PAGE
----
Know Your IP Connection Options: Peering, Transit and DIA
We all know how powerful the web has become and what a vital part of our work and personal lives it is. Five billion people or 63% of the world’s population are now connected to the internet – a 500% growth rate in the past 15 years! The sheer volume of data is hard to imagine, but have you ever thought about how the web communicates and shares all that data?
The Internet is NOT One Big Network
Network-to-network communication would be unnecessary if the Internet was connected the way most people think it is. Many think of it as one giant network that links everyone. It generally works that way for the end user, but the idea of one massive universal network is a myth. If you take a close look inside the internet, you’ll see it’s a collection of large, medium, and small networks that all work together to get data from one point to another.
How Do All These Networks Communicate?
The internet consists of over 65,000 Autonomous Systems (AS). An Autonomous System can independently decide who to exchange traffic with on the web, and it isn’t dependent upon a single provider for access.
Networks of Internet Service Providers (ISPs), hosting providers, telecommunications providers multinationals, schools, hospitals and even individuals can be Autonomous Systems; all you need is a single “AS number” and a block of provider independent IP numbers. These can be provided by a regional internet registry. Though one network may be larger or smaller, technically and economically they have equal possibilities.
In order to get traffic from one end-user to another end-user, these networks need to have an interconnection mechanism. These interconnections can be either direct between two networks or indirect via one or more other networks that agree to transport the traffic.
All of these networks need a way to communicate. For that, you have the choice of IP peering, transit or direct-internet-access (DIA).
First, What is IP Peering?
At the top of the heap are Tier 1 networks. These are huge international IP networks that have points of presence in key locations around the world. Tier 1 networks are the true “superhighways” of the Internet. But like all highway systems, they don’t go everywhere.
To create an internet, you need to connect these superhighways together. That process is called peering, which is a connection between equals or peers. Huge networks have huge amounts of traffic. If two of these networks peer to exchange traffic on an equal basis, then each network effectively doubles its reach. Network A has access to all the customers on Network B and vice versa.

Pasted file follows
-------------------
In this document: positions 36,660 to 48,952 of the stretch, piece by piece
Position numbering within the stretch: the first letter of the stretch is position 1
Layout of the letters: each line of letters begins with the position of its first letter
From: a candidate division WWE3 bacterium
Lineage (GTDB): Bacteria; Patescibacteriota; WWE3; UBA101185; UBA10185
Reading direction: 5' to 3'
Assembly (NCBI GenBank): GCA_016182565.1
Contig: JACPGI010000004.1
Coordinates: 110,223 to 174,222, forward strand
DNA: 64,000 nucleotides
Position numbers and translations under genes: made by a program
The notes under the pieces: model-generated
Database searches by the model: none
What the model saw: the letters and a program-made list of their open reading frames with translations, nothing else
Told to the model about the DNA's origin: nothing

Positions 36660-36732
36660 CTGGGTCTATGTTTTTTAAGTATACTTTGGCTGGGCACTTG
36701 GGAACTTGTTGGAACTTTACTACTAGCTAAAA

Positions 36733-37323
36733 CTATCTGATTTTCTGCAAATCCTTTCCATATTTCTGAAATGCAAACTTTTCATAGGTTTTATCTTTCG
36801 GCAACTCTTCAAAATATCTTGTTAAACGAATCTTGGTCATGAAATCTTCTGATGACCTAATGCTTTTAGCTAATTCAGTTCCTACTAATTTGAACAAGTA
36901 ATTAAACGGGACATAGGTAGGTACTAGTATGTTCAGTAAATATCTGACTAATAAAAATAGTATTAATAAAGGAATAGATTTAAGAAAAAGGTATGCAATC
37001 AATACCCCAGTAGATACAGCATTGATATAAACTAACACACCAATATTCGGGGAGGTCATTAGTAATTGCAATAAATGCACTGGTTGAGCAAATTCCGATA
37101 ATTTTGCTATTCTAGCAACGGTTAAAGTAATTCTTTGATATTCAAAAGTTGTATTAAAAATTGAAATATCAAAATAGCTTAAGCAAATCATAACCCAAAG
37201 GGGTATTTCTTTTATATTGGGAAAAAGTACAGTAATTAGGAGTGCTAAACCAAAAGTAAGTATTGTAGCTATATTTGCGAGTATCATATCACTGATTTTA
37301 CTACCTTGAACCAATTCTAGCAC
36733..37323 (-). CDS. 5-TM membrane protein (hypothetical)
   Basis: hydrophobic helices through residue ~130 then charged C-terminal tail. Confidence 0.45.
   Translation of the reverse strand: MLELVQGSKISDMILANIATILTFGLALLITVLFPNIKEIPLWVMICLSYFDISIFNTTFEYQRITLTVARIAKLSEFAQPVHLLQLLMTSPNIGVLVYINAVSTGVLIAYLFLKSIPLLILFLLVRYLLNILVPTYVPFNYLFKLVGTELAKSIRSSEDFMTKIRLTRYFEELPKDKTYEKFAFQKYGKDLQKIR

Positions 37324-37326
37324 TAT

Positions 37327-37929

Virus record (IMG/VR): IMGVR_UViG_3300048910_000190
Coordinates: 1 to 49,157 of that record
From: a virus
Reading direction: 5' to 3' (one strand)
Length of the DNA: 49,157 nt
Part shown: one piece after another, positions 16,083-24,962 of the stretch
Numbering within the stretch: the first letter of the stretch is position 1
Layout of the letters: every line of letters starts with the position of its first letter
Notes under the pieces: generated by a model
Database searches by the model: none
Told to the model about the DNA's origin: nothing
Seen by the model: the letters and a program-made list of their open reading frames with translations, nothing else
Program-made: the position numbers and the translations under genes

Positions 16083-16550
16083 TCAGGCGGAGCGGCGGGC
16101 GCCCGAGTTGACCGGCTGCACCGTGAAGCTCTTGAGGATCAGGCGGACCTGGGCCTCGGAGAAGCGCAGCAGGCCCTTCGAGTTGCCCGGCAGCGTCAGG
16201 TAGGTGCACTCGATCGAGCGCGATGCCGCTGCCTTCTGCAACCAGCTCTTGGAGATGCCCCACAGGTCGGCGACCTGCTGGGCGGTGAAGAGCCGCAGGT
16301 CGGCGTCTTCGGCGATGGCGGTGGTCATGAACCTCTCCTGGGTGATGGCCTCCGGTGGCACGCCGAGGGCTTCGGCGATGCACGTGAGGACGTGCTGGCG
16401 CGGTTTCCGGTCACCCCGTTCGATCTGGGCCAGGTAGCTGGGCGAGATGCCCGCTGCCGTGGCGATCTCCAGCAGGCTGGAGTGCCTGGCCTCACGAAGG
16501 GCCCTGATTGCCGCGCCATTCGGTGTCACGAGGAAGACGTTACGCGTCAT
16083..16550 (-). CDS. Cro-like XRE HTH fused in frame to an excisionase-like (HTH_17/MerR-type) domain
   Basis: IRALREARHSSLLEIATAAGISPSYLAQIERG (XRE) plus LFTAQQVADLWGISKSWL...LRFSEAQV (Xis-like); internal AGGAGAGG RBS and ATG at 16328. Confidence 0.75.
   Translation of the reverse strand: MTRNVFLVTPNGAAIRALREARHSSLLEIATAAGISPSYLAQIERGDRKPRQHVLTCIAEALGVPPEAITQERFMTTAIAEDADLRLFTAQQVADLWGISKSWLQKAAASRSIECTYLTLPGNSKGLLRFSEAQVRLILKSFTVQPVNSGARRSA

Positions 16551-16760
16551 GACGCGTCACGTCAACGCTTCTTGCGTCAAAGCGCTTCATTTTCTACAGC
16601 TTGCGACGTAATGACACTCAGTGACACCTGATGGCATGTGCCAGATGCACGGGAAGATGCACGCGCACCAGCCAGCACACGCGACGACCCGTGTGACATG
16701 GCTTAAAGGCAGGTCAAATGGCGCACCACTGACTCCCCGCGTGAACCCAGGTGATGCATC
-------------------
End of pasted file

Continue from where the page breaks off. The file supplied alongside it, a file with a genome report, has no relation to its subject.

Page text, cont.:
Tier 1 networks peer on a settlement-free basis. In other words, the networks are interconnected via high-capacity routers and the traffic flows back and forth at will. Settlement-free means that there are no toll booths at the border. Neither network pays the other because they are getting equal value through peering.
What are the Benefits of IP Peering?
Lower IP transit costs
By routing a portion of its traffic through peered networks, an Internet Service Provider (ISP) saves money on IP Transit costs, which is the cost of purchasing bandwidth from a telecom carrier.
Better user experience
Peering typically produces a more direct path between two networks, thereby reducing the distance that data have to travel. The result is lower latency and improved user experience.
Increased redundancy/network resiliency
The more peers an ISP has, the less dependence it will have on transit providers. If a transit route goes down, it is possible to re-route traffic if appropriate peer networks are available. Even in the absence of problems, peering increases the routing control an ISP has.
What is IP Transit and How Does It Work?
Not all networks are the same size. Smaller networks, called Tier 2, have less capacity and less reach than Tier 1 networks. Tier 1 networks do not peer with Tier 2 networks at no charge because the smaller network would be getting a lot more value from the arrangement than the larger network. What Tier 2 networks can do is band together and peer among themselves to create a much larger entity that can compete with those Tier 1 networks. If they want access to the Tier 1 networks, they can pay a settlement charge based on the traffic imbalance. That charge is called IP transit.